By Beverly Cooper Neufeld
Wednesday, July 6, 2011
The Supreme Court ruling on Wal-Mart spotlights the tough fight between female wage earners and employers. To balance our family checkbooks, we all need help from local politicians to pass the Paycheck Fairness bill.
(WOMENSENEWS)--For all the attention, expense and 10 years of legal maneuvering that led to the Supreme Court's decision last month against the female workers of Wal-Mart, the basic question is still unanswered: Is Wal-Mart guilty of widespread, long term wage discrimination?
Despite the evidence that this monolithic company flourished at the expense of employees, the lead plaintiff Betty Dukes and other women will have to tough it out, either as individuals or in smaller groups. These tenacious women vow to fight on, not because of a big payout, but because what they really want is for Wal-Mart to change its ways.
Now that the Supreme Court has refused to certify as many as 1.5 million female employees as a class, that's not going to happen without public outcry and the political will to pass stronger wage discrimination laws.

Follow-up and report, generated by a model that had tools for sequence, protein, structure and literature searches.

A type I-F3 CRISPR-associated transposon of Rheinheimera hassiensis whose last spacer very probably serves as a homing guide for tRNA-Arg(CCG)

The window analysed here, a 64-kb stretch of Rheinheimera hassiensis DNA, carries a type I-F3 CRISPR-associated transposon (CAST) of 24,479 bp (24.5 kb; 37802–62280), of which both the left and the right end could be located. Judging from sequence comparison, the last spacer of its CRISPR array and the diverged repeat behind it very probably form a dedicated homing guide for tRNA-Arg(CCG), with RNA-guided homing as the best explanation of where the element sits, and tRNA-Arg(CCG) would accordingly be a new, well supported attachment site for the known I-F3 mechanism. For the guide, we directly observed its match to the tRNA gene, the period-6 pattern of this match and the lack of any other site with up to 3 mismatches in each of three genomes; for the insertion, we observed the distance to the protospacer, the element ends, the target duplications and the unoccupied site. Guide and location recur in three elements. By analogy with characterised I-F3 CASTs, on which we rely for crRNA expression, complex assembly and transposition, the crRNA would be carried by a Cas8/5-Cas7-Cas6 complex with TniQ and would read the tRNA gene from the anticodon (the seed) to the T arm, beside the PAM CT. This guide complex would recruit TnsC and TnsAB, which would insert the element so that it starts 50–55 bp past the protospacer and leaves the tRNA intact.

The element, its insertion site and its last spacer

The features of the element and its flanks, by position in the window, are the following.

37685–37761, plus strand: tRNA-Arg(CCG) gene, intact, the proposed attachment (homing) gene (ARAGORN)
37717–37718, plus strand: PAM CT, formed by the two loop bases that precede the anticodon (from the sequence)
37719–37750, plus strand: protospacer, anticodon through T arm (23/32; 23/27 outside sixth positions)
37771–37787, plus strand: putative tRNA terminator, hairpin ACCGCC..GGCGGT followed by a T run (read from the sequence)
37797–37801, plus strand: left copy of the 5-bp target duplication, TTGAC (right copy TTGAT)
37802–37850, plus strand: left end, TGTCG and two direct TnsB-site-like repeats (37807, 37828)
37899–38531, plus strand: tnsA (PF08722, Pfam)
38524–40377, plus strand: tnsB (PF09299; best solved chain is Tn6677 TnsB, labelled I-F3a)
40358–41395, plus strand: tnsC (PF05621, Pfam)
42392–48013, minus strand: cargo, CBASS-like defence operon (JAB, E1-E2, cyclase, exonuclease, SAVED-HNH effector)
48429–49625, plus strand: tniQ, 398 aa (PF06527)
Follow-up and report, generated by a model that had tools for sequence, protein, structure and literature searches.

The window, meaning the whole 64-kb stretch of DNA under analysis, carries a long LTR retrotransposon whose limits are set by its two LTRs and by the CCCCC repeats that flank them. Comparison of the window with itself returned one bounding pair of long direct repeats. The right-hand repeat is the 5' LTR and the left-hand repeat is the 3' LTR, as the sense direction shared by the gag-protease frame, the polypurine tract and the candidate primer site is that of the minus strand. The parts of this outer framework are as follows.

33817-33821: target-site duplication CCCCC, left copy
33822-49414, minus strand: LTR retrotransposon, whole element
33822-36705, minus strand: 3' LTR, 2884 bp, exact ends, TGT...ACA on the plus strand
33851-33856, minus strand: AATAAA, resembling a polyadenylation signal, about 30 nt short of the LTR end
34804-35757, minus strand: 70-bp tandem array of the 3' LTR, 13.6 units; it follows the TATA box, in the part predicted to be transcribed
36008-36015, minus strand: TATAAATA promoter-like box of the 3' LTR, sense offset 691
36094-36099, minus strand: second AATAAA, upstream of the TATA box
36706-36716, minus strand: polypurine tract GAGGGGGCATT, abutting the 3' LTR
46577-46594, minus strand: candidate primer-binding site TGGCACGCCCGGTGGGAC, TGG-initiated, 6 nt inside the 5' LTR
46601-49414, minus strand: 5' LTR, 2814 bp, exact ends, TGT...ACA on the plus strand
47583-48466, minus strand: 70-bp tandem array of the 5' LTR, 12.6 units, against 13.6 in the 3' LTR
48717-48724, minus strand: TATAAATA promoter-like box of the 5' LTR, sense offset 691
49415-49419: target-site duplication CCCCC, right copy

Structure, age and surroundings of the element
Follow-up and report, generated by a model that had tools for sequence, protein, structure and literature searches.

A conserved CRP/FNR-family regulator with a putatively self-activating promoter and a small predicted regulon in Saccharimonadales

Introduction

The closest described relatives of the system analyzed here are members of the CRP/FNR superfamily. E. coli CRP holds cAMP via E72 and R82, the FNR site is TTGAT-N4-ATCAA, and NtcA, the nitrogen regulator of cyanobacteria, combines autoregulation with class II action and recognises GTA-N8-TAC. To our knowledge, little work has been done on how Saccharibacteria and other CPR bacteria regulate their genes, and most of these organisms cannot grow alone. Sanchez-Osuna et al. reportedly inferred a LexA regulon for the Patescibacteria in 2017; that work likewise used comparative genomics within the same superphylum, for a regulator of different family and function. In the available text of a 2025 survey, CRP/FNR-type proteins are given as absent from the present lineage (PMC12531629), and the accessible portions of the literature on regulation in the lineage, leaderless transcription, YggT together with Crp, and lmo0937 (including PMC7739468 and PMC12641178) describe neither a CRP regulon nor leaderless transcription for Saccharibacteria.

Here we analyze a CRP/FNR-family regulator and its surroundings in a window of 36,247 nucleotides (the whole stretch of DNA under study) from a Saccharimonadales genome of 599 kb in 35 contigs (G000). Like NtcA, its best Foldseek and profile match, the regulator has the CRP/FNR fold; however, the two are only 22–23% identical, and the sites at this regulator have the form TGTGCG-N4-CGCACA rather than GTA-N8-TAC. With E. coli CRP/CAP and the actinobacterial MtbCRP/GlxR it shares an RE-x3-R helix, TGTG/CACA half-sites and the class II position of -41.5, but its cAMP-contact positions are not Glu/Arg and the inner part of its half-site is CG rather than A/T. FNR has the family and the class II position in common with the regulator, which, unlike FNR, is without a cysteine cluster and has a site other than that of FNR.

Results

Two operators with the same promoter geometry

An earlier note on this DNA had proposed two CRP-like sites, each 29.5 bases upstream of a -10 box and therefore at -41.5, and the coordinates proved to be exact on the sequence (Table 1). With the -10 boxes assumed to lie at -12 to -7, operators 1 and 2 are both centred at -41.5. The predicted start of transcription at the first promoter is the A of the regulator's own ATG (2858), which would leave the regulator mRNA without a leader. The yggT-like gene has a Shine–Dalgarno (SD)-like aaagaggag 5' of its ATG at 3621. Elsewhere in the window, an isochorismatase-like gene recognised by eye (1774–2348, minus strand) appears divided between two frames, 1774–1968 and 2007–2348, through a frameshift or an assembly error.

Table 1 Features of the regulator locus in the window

Unequal pay, unequal promotion, and unequal opportunity for jobs that provide a living wage create a "pay your bills" gap for women around the country.
Nationally, on average, a woman misses out on about $10,000 in wages each year. How do you count that? A year's worth of food? Months of rent or 2500 gallons of gas? Childcare or health insurance?
This is not a women's issue, it is a family-checkbook issue.
With more than 6-in-10 women acting as primary or co-breadwinners, everyone is affected when female workers are undervalued, including local economies and tax bases. In New York the wage gap equals $22 billion lost each year, which is a lot of revenue not being spent here.
Ending wage discrimination was the goal of the Equal Pay Act signed by President John F. Kennedy in 1963 when the retro TV series "Man Men" was a reality and women struggled for a place in the paid work force.
The Equal Pay Act requires employers to pay all employees equally for equal work, regardless of gender. It was a major step at the time. Loopholes and limited sanctions in the law, however, has meant progress in closing the wage gap has been unacceptably slow, about half-a-cent annually over 50 years.
The federal Paycheck Fairness Act--which almost passed in the U.S. Senate last year-- provides a 21st Century update to this 20th Century law.
It would give the Equal Pay Act teeth by increasing penalties for violators and providing the government with new tools such as data collection and programming to promote better wage practices.
By Corinna Barnard
By Susan Feiner
By Ellen Bravo
By Susan Feiner
By Elizabeth Kristen
By Maggie Freleng
By Inna Naroditskaya and Rachel Tollett
By Hajer Naili
WeNews staff reporter